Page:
Hake and monk are particularly for the European market. At the moment Namibia is the top supplier of hake in the market supplying 75,000-93,000 metric tonnes. The value of the Namibian hake annually is about 2 million Euros. The deep sea fishing goes 95% for the American market, and fish like mackerel is mainly for the African market: Ghana, Mozambique, DRC, Nigeria and Cameroon. Other species like crab and crayfish are mainly for the Asian Market.

In terms of the problems we have had in 2004, it was a global phenomenon. The operation cost increased dramatically, mainly due to the oil prices and the appreciation of the Namibian dollar.

The concession system TAC (Total Allowable Catch) and the VMS (Satellite Bases Vessel Monitoring System) are some of your biggest threats in order to achieve sustainability, how do you think it will develop in the future?

Our fisheries management develops different strategies to avoid the destruction of resources. We are compromised with the allocation of quarters decided by scientific research, which is something we want to strengthen. We want to ensure people catch the amount of fish according to their quotas; the players must work according to the rules. We want to concentrate on sciences, monitoring and control of the education of the workforce. We need political will to avoid the destruction of resources; we will not compromise the jobs and economy by eliminating the stocks.

Aquaculture is growing in importance every day, what is the role of aquaculture in the economy? What opportunities do you see there?

Anybody who wants to think of investment should not miss that opportunity; we have done a lot of homework in terms of analysis of the advantages of Namibia to be involved in aquaculture. We had been working in the policies, the laws, and regulations to facilitate investments. We have even created a one-stop-shop concerning the aquaculture. We don’t want investors to become frustrated because of bureaucracy. Investors should look at these opportunities and act now.

Aquaculture has the potential to change the economical landscape of the country; it provides opportunities for investors. We have competitive advantages as a country: a coast of around 1,500 km which much of it is inhabitant, the environment is not spoiled and the lack of heavy industries makes it a unique place in the world. To all this we have to add the higher productivity of the Benguela Currant despite its turbulent waters.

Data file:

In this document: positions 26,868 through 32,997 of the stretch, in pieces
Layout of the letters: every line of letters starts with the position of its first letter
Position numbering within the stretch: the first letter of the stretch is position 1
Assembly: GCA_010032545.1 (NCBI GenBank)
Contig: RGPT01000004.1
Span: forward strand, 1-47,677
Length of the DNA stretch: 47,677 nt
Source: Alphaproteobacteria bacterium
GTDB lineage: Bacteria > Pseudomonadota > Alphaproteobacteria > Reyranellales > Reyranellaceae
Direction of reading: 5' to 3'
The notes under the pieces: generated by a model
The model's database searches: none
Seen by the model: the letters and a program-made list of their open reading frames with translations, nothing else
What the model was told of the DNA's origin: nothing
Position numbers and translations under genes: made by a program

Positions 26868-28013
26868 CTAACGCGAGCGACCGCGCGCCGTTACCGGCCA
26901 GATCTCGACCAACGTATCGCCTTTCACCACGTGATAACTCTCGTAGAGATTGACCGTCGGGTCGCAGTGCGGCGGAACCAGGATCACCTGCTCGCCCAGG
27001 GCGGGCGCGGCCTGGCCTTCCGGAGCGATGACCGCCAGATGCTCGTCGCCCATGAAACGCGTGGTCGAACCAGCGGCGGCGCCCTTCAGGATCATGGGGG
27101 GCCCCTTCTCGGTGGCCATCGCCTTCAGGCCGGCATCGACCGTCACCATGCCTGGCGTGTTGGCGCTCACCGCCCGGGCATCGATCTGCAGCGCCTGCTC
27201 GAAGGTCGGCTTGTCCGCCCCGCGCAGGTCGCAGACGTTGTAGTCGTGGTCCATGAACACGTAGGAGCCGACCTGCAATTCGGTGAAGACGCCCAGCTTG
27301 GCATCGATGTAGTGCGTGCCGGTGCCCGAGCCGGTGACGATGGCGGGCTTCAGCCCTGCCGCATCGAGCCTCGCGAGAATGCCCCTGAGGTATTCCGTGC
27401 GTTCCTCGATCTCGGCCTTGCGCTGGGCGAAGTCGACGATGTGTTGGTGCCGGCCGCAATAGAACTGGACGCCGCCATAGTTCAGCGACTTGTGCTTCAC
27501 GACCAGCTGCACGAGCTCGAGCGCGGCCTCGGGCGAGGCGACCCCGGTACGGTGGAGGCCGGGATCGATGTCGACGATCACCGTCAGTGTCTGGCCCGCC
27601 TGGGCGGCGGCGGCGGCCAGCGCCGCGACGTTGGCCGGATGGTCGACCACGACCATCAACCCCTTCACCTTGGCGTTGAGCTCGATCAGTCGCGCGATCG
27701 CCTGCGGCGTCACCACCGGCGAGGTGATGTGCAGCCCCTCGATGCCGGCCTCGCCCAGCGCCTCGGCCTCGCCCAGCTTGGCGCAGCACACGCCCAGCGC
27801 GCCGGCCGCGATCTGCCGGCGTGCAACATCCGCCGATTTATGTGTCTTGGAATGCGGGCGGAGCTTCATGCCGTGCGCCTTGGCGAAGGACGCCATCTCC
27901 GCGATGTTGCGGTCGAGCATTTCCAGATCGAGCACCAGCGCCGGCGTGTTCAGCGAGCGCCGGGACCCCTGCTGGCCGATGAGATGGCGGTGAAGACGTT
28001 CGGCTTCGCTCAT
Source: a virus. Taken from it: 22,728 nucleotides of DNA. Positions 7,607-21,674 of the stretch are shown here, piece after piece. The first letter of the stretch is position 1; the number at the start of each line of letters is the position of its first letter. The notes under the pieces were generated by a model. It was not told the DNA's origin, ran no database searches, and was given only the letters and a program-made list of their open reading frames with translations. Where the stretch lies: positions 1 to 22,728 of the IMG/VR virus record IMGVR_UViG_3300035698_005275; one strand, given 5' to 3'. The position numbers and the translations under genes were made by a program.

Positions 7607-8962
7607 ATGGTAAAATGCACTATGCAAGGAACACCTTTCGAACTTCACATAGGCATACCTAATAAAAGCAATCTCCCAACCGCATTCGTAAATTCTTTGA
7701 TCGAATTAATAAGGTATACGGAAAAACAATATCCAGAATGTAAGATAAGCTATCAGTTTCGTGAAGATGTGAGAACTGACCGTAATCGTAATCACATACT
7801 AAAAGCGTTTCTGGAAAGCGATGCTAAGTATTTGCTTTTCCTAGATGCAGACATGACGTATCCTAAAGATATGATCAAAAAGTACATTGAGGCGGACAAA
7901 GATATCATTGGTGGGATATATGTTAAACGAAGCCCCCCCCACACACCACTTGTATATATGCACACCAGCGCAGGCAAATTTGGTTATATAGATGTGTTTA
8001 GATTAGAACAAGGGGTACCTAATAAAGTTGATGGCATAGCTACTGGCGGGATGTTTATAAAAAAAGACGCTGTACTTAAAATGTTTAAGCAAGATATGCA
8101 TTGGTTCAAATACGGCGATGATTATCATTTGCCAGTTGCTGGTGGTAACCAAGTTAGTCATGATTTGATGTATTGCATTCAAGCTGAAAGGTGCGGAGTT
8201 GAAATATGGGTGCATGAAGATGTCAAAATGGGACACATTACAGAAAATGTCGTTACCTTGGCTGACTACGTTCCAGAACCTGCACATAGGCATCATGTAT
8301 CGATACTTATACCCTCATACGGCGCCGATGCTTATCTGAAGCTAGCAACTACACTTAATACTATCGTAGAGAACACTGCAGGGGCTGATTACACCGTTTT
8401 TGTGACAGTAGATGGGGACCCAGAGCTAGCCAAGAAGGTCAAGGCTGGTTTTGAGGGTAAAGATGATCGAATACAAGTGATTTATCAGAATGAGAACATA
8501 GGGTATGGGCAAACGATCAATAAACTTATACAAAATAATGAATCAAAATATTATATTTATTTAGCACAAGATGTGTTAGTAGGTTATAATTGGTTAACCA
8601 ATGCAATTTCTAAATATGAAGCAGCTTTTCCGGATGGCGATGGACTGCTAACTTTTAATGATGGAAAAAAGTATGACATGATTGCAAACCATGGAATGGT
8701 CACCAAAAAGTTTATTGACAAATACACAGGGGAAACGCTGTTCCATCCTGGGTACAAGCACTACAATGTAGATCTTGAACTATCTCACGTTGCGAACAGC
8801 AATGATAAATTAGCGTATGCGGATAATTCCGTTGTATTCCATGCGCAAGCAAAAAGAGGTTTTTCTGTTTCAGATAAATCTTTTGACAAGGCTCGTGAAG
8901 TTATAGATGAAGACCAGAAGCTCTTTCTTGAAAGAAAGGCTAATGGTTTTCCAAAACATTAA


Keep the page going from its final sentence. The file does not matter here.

We are also using our inland water and under land water. We want our rivers and lakes to be baskets of food. Aquaculture will develop the marine culture which is for big investors and inland production where communities can grow different kinds of fish without the need of huge investments.

Now is the right time for investors to come to Namibia. We don’t have many players now. The time to grab the opportunity is now.

Where do you see the fishing industry in 3 years time?

My intention is to continue with the right management of fisheries, diversify our products and markets and increase the value of Namibia fisheries from N$ 3,5 billion to N$ 4,5 billion. I hope that aquaculture is able to double the number of jobs and for that we need to create value added products. We want to export value-added products and increase the contribution of fisheries to GDP stabilising around 12% too.

What would be your personal message to our readers?

I want to encourage readers in other countries to come to Namibia and see the opportunities concerning Aquaculture. We are waiting for them; we’ll show them around and the value addition. We want foreigners to see the opportunities to make business in Namibia.